I started THE MÉMÈRE PROJECT as a means by which to explore my French Canadian roots and ancestry, and also tell the story of the nearly one million French Canadians who emigrated to the United States from the 1840s to the 1930s, just prior to the great depression. This mass emigration is known as the Quebec diaspora. There are two major factors that contributed to the Quebec diaspora—one was the overpopulation of the rural areas of Québec, and the other was the industrialization of New England, primarily in the textile industry.
Now in case you’re not familiar with the term, the word mémère is a French Canadian term of endearment for grandmother. My grandmother on my mother’s side was a woman by the name of Claudia Breton, who was one of 12 children. She was born November 25, 1911, on a farm outside a small town called Thetford Mines in southeastern Québec. Like many before her, she left her hometown and moved to the U.S. in search of employment and a better way of life. My grandmother moved to Biddeford, Maine, to take a job in textiles, where she worked a large loom in less than desirable working conditions.
She fell in love with my grandfather, a fellow immigrant from Québec named Amedée Emond. They were married on December 26, 1927, and had four children, one of whom was born in Quebec, like her parents. In the mid 1930s, while living and working in Maine, Claudia and her eldest daughter, Theresa, were deported back to Canada, forcibly stripped from her family and their new way of life. They remained in Canada for nearly two years with little or no contact, before they were able to be reunited with their family the U.S.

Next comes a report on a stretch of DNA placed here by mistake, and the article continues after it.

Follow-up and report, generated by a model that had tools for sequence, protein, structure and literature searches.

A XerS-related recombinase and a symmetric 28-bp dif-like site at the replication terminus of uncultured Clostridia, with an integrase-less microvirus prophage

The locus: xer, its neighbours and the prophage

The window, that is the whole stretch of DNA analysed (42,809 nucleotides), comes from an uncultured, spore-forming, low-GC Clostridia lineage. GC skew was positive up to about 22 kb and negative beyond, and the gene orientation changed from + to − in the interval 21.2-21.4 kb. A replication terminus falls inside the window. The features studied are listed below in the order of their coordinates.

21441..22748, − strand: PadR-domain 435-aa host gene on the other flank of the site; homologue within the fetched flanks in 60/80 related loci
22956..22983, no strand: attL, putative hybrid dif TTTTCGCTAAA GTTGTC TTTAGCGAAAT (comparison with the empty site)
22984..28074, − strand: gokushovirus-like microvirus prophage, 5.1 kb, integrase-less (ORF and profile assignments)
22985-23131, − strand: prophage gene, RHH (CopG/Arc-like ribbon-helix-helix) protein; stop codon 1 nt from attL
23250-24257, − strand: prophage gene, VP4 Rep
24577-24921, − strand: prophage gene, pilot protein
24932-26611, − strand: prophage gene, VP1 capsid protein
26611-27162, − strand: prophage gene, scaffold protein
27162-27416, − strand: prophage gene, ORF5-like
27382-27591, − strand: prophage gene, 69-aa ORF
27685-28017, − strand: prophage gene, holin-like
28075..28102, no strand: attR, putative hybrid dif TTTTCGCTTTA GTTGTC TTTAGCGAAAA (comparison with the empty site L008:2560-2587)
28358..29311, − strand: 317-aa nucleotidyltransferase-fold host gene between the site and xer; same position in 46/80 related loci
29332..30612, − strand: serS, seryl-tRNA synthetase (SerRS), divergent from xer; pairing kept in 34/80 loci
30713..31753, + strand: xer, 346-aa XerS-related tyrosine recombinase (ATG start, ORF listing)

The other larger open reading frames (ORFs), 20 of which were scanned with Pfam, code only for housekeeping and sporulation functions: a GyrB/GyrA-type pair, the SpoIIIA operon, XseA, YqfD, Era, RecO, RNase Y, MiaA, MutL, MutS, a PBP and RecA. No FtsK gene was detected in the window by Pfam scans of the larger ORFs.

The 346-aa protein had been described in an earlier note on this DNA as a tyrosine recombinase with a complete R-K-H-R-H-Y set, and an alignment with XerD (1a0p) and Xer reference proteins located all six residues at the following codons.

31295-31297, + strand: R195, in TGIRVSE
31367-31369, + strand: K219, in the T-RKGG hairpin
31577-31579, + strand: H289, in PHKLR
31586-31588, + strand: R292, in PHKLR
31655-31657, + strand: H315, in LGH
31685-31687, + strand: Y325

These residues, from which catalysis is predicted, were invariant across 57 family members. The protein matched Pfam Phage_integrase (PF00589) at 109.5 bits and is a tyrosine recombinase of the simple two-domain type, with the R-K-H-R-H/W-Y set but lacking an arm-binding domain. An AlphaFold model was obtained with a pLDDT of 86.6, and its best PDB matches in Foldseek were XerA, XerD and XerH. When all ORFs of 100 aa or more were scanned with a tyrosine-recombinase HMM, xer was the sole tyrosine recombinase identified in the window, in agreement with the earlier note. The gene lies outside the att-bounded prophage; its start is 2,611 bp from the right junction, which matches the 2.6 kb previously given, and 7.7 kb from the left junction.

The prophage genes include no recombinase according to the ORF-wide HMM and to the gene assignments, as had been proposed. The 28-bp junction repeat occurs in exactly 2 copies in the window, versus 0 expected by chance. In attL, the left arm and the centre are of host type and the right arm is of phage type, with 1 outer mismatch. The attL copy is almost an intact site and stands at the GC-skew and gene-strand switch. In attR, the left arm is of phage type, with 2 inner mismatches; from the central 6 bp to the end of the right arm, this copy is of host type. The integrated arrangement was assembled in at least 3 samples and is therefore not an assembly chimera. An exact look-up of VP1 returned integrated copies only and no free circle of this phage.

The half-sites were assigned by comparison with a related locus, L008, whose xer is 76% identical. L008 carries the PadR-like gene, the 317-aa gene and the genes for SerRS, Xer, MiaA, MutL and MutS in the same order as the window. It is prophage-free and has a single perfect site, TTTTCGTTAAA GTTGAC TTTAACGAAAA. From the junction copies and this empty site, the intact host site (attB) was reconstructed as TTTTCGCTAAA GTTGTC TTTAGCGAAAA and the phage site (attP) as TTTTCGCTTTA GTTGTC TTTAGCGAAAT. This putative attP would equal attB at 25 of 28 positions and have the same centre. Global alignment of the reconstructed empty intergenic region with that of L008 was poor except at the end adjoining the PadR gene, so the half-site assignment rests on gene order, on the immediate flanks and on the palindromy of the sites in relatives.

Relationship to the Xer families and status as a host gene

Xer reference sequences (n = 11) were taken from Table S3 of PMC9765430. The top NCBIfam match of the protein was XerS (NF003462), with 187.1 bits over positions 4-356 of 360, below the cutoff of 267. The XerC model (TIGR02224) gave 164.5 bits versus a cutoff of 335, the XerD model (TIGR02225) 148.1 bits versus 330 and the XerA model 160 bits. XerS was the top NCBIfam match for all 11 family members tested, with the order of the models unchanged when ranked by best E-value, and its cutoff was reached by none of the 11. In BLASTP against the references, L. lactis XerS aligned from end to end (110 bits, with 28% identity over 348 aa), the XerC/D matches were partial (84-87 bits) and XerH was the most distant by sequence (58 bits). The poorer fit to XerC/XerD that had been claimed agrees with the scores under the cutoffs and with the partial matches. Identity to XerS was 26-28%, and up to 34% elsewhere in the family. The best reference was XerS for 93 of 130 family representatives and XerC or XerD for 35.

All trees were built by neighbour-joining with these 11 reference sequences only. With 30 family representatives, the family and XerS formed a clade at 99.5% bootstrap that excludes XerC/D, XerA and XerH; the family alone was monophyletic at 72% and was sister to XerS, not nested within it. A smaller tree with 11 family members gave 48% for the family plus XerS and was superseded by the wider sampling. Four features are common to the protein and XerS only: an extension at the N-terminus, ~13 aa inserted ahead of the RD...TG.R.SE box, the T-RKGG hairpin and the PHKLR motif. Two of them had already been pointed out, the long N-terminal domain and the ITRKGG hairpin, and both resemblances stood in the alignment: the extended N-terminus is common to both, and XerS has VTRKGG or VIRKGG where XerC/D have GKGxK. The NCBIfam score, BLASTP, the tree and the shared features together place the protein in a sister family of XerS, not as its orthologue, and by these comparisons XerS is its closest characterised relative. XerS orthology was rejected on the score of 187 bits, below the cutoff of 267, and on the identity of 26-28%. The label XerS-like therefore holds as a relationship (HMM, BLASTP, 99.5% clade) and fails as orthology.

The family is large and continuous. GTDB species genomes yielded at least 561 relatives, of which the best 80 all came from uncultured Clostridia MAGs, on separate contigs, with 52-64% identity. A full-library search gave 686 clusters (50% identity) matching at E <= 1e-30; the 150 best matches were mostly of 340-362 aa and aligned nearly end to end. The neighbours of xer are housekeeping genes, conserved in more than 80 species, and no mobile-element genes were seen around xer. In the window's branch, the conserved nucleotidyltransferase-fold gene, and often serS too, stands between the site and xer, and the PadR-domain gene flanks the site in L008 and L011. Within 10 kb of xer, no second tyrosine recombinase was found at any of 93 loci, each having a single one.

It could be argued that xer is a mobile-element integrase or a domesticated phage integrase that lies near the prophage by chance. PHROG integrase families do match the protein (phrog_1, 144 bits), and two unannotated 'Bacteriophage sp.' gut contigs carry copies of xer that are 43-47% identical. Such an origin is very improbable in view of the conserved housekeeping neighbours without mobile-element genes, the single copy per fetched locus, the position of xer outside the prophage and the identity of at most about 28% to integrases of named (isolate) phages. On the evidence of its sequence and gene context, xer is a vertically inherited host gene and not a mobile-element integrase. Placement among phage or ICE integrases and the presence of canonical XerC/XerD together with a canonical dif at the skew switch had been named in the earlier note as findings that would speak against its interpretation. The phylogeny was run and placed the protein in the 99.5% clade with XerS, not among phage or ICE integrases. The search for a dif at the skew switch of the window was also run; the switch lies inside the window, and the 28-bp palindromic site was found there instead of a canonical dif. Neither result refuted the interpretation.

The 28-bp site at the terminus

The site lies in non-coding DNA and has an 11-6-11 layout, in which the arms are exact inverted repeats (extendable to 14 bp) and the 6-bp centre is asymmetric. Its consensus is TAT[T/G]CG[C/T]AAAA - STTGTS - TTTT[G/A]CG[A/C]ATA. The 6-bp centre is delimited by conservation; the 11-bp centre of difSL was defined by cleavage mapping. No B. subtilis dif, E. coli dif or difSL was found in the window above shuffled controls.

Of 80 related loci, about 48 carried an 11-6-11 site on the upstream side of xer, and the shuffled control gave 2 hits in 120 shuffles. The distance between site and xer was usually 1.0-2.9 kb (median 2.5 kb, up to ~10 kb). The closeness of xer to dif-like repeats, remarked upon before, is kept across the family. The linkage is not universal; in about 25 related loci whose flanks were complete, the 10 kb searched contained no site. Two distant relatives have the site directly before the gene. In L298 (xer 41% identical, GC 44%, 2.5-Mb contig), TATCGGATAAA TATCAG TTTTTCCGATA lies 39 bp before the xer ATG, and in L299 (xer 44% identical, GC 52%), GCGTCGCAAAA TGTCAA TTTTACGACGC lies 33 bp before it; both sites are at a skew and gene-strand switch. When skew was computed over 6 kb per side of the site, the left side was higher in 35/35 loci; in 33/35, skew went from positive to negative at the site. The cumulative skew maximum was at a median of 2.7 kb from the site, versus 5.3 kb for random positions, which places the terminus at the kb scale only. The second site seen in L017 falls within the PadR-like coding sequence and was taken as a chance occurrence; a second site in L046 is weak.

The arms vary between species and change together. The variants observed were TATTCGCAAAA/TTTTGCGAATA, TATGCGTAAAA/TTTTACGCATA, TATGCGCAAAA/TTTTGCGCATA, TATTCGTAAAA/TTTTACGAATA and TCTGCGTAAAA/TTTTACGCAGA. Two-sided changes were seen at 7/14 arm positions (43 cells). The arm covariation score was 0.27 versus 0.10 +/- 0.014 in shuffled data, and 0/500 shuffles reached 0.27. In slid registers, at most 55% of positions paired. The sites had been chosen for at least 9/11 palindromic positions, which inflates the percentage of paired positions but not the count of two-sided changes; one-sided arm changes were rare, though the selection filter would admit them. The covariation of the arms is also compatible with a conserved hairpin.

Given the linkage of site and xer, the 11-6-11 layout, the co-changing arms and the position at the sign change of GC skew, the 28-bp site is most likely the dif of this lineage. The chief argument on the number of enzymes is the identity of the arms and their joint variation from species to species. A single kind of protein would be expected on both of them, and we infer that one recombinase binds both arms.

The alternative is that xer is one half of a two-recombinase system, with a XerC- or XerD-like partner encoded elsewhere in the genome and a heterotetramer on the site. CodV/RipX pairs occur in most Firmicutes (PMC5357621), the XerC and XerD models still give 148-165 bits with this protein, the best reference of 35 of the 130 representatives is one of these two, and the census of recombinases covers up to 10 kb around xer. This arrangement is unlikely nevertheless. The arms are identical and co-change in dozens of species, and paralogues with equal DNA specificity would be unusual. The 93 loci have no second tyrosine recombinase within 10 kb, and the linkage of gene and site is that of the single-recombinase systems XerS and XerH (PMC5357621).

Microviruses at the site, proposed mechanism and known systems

The Mémère Project is dedicated to the memory of my grandmother Claudia, as well as the 900,000 French Canadians who sought a new and better life in the United States, sometimes in vain. My mission is to not only tell the story of Claudia but also the other amazing stories from this fascinating and widely unknown historical era. When you mention immigration and border control issues in the U.S., most people think of Mexico, but few realize that the world’s longest unarmed border has seen its fair share of drama, intrigue and pain over the last couple centuries.
I want to tell the stories that haven’t been told, and more importantly, haven’t been heard. I am about to undertake a pilgrimage to New England and Quebec to conduct research that will ultimately go into a documentary film that I will produce, as well as a book that I will publish, in the near future.
I realize that many people interested in this topic are native French speakers, so I will attempt to publish as much content in French, whenever possible. (Please contact me if you are able and willing to assist me in translating site content and podcasts!)
I will be blogging, Instagram’ming and podcasting about the documentary and book research mission on the fly as it happens, so please stay tuned for updates on this website and via Twitter, Instagram and Facebook, while I discover my roots, and share the stories of Franco-Americans like Claudia. Thank you, merci, and please feel free to drop me a line at email@example.com.
Nick Lucey launches the Mémère Project